Of course, the compliance issues are the same as with any client-oriented or marketing material. An advisor needs to consult with their internal compliance, or broker/dealer, to find out what’s acceptable and what’s not. The rules around testimonials, guarantees and making broad claims are the same. But this doesn’t mean an advisor cannot tell stories about the kinds of clients they have helped, give insight into their philosophy and approach, or talk generally about market trends and the impact on investors.

The beauty of new media is that it can be taken a step at a time. Start with an audio, or a video of a speech or educational workshop. Ask clients what kind of media they enjoy. View what others are doing to see the variety of options available. New media is going to continue to grow. See if there is a way to learn more about how it could work for you.

Selling for the Non-sales Professional Beverly D. Flaxington

Selling is a fact of life if you want to grow your business. Some financial advisors look at “sales” with negativity. You do not pursue a CFP, or a CFA or any other financially oriented credential, because you want to be a salesperson! In fact, in many cases the core skills necessary to be successful as a financial professional are in opposition to those needed for professional sales.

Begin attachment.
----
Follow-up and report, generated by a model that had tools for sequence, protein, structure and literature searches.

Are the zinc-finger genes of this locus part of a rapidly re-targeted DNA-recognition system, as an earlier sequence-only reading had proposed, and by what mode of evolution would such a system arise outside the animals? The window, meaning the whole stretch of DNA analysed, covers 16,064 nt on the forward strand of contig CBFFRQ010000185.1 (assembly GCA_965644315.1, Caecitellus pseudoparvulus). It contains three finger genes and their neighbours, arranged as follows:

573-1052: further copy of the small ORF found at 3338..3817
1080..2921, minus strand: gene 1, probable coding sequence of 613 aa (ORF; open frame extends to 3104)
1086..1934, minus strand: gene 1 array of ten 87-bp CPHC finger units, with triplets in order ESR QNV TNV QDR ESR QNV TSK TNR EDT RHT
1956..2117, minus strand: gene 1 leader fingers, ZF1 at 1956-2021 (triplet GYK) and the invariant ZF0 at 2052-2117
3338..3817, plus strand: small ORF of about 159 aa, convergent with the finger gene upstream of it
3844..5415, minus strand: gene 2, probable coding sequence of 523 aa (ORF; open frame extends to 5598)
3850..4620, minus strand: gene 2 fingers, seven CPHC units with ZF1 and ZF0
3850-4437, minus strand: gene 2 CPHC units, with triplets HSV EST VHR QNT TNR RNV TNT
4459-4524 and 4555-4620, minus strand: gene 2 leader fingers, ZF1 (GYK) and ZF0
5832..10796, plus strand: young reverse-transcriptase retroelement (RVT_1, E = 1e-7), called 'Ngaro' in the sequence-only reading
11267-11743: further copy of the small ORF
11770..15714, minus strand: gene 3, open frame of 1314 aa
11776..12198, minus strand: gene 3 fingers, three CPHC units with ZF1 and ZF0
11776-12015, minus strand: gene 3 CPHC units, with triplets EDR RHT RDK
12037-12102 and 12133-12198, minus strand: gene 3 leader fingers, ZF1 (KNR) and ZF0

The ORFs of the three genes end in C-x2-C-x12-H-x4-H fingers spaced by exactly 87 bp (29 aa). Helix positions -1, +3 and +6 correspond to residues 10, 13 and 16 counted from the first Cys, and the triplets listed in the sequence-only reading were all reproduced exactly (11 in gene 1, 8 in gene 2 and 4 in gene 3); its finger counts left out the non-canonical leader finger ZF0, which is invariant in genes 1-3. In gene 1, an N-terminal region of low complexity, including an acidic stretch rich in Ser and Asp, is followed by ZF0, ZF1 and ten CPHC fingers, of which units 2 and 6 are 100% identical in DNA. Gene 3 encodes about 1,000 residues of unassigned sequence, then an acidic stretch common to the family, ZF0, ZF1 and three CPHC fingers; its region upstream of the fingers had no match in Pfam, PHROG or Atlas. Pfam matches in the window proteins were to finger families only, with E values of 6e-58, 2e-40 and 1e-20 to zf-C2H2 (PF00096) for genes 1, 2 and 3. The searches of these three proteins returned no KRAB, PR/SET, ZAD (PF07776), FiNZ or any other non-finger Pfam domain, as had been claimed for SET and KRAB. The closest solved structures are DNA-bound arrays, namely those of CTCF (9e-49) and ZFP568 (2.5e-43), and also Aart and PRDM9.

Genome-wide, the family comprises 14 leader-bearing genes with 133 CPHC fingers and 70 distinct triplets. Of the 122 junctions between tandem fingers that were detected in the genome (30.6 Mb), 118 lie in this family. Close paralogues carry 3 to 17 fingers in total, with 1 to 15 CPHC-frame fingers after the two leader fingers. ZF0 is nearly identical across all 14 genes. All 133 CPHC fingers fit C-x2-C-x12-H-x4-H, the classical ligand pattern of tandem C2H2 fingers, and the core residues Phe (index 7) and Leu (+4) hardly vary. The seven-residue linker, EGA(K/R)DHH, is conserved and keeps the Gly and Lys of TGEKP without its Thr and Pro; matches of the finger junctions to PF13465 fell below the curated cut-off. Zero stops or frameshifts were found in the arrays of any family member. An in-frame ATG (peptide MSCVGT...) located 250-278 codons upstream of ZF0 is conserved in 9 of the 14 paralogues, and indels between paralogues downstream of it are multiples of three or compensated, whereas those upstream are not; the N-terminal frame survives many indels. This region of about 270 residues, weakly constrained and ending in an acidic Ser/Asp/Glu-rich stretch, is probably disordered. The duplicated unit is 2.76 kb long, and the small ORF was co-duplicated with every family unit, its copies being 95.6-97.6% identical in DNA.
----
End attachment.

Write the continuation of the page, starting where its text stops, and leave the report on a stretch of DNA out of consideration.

There are ways to learn how to sell successfully even if you are a non-sales professional. Once you learn how to think about selling, and how to incorporate it into your daily activities, you might even find you enjoy it.

Here are five keys tips for any non-sales professional:

(1) Define your goals. Yes, it sounds basic but this is the first important step – and the one most often overlooked. An advisor might say “I want to grow!” but they haven’t defined what success really looks like to them. Grow in what area? Client referrals? New prospecting opportunities? Through alliances? What about specific products and services? It’s important to define goals very specifically and write them down.